Architecture, design and intelligent systems: The Cybertecture Egg

Back to all Blog Posts

Architecture, design and intelligent systems: The Cybertecture Egg

Have you ever noticed that all the smart buildings recently coming up around the world are characterised by an innovative, futuristic design? It’s not just about the look, there’s a deeper explanation for it.

Professor Derek Clements-Croome, from the University of Reading, claims that “it is not all about high-tech digital design technologies; an intelligent building has to include other low-tech approaches such as passive environmental control.” A smart building is certainly marked by technology and digital services, but architecture is also an essential element.

Architect James Law coined the term ‘Cybertecture’ to identify the blend of architecture, environmental design, innovative engineering and intelligent systems needed to meet people’s needs and draw up a new urban environment.

“In this 21st Century, buildings will be different from 20th Century; they are no longer about concrete, steel and glass, but of the new intangible materials of technology, multimedia, intelligence and interactivity. Only recognizing this will bring a new form of architecture to light – namely a Cybertecture.”

An example of Cybertecture building is The Egg, at the heart of the business district in Mumbai, the most populous city in India and ninth most populous urban area in the world.

The concept of this building, designed by James Law himself for the client Wadhwa Developers, is to be a building unlike any other, something completely different from existing architecture. It was inspired by the idea of planets as sustainable natural ecosystems that grow and allow life to evolve with it over time, to provide people with the best environment possible to live and work in. It is intended as a symbol of optimism about the future.

The Egg, opened in 2010, is a 32,000 square meter building, made of reinforced concrete and steel, that offers 13 floors and three levels of basement providing car parking places for 400 vehicles. Its curved windows create a more spacious feel from the interior, facilitated also by its innovative main characteristic, which is the lack of obstructive columns over its wide floors.

To obtain the oval shape, it has been computer designed using evolutionary engineering for a high quality and geometric sophistication, which is not only for visual appearance, but it allows the building to have 10-20% less surface area compared to other traditional buildings. Its design is called passive solar design, which means it can distribute solar energy without the use of electronic devices, it can decrease heat gain and lower energy loads.

As we find with other smart buildings, the Egg is full of innovations focused on environmental sustainability. Its design allows the best use of natural light, resulting in an energy demand that is lower than the average. The Egg has photovoltaic panels on its façade and wind turbines on the roof, that provide it with an alternative electrical supply and make it self-sustainable. The rooftop is also characterised by another element: a natural elevated garden that helps the cooling of the building, provides oxygen and accommodates people when they need a rest.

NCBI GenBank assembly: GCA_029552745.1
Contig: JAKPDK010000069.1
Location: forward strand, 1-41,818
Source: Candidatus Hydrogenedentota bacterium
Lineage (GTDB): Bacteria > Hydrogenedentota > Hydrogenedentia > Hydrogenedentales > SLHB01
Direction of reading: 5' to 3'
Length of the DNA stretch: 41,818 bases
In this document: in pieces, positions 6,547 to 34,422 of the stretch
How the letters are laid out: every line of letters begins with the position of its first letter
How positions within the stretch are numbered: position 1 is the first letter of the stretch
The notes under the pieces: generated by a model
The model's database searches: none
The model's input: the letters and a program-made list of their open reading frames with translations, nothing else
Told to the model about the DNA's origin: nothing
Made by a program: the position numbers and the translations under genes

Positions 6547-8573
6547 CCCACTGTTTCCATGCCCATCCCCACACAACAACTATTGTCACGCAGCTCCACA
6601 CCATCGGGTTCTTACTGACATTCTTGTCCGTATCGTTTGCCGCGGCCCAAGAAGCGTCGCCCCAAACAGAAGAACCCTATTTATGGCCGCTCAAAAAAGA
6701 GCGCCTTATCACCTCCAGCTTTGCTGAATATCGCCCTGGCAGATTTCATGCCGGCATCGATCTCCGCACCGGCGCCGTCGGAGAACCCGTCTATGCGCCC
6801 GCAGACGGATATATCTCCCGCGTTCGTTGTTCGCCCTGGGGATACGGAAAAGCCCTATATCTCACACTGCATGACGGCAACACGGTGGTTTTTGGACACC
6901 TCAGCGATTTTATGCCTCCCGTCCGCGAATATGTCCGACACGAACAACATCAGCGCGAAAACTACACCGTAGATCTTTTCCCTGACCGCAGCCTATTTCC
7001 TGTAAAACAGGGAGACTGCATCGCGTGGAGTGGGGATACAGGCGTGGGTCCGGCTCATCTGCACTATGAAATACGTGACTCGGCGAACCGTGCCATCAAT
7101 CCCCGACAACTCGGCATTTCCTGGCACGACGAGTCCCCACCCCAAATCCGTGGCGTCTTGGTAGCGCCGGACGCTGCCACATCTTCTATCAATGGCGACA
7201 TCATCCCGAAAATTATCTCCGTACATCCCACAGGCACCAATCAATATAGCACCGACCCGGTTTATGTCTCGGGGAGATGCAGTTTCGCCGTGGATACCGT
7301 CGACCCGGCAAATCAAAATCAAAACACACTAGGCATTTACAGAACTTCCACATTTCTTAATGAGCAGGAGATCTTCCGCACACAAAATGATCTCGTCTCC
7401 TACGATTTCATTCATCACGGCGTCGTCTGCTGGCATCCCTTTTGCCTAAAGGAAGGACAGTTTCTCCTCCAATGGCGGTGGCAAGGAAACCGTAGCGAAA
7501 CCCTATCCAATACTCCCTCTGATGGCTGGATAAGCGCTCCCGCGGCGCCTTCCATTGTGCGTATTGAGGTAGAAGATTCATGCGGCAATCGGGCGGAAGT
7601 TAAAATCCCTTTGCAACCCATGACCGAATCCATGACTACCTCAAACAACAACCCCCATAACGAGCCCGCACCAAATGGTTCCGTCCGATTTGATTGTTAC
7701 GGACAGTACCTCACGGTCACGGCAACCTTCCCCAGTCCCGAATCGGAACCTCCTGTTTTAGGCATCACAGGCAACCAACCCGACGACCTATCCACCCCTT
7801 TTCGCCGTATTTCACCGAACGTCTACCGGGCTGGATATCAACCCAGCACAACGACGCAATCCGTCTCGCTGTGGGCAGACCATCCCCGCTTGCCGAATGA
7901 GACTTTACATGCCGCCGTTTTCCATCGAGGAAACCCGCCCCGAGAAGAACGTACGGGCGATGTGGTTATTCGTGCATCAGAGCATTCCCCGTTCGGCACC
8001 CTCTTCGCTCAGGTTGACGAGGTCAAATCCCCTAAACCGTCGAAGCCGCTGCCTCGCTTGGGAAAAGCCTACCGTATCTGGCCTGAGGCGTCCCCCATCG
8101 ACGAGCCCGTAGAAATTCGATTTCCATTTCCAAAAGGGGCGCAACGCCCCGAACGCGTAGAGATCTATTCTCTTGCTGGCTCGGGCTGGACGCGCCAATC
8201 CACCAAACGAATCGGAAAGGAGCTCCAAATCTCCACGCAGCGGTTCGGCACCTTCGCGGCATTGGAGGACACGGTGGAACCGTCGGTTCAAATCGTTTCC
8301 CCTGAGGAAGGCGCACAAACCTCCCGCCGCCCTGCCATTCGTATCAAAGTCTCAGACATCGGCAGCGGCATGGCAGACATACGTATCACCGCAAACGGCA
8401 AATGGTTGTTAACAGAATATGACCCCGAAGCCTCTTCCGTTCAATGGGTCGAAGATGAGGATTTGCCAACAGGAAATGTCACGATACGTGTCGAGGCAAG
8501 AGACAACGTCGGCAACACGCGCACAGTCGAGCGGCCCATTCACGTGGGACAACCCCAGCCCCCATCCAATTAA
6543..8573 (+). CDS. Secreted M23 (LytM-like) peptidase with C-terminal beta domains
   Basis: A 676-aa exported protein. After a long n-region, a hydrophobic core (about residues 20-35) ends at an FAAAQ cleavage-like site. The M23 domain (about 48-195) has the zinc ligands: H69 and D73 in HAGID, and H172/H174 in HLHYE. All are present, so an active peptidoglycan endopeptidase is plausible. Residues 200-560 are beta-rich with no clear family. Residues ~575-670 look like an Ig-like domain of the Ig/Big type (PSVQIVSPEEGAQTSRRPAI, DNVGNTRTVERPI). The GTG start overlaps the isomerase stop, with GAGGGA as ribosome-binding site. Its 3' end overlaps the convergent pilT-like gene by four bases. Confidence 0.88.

Among the environmentally friendly initiatives in place across the building, there’s also a water recycling system, managed through a rainwater recovery system, waste water purification systems, filtration and wetland cell system.

There’s also a groundwater cooling system to provide natural cool water for the building’s air conditioning. Water saving actions can reduce the consumption up to 30%, and the initiatives implemented in the Egg can already achieve an effective 20% recycling rate. The recycled water is then used to irrigate the green section on the roof and the landscaping in the surrounding area.

If you are wondering how this building is actually influencing the experience of workers, here are a few examples:

  • Health. Restrooms are designed to electronically monitor workers’ health through indicators such as vital signs, weight and blood pressure, that can be signalled to doctors if judged necessary.
  • Augmented Reality. People can customise their office view by choosing a virtual real time scenery from all around the world to be shown on their office windows, to always feel relaxed and at their ease.
  • Intelligent Building Management System. The building is designed to automatically reduce energy use in less utilised areas and rooms.

This is an example of how architecture need not be restricted solely to the physical attributes of a building, but it’s becoming a mix of design and intelligent systems to give people the best place to work and live in, improving both their experience and the environment around them. That’s exactly what being a smart building means.

Share this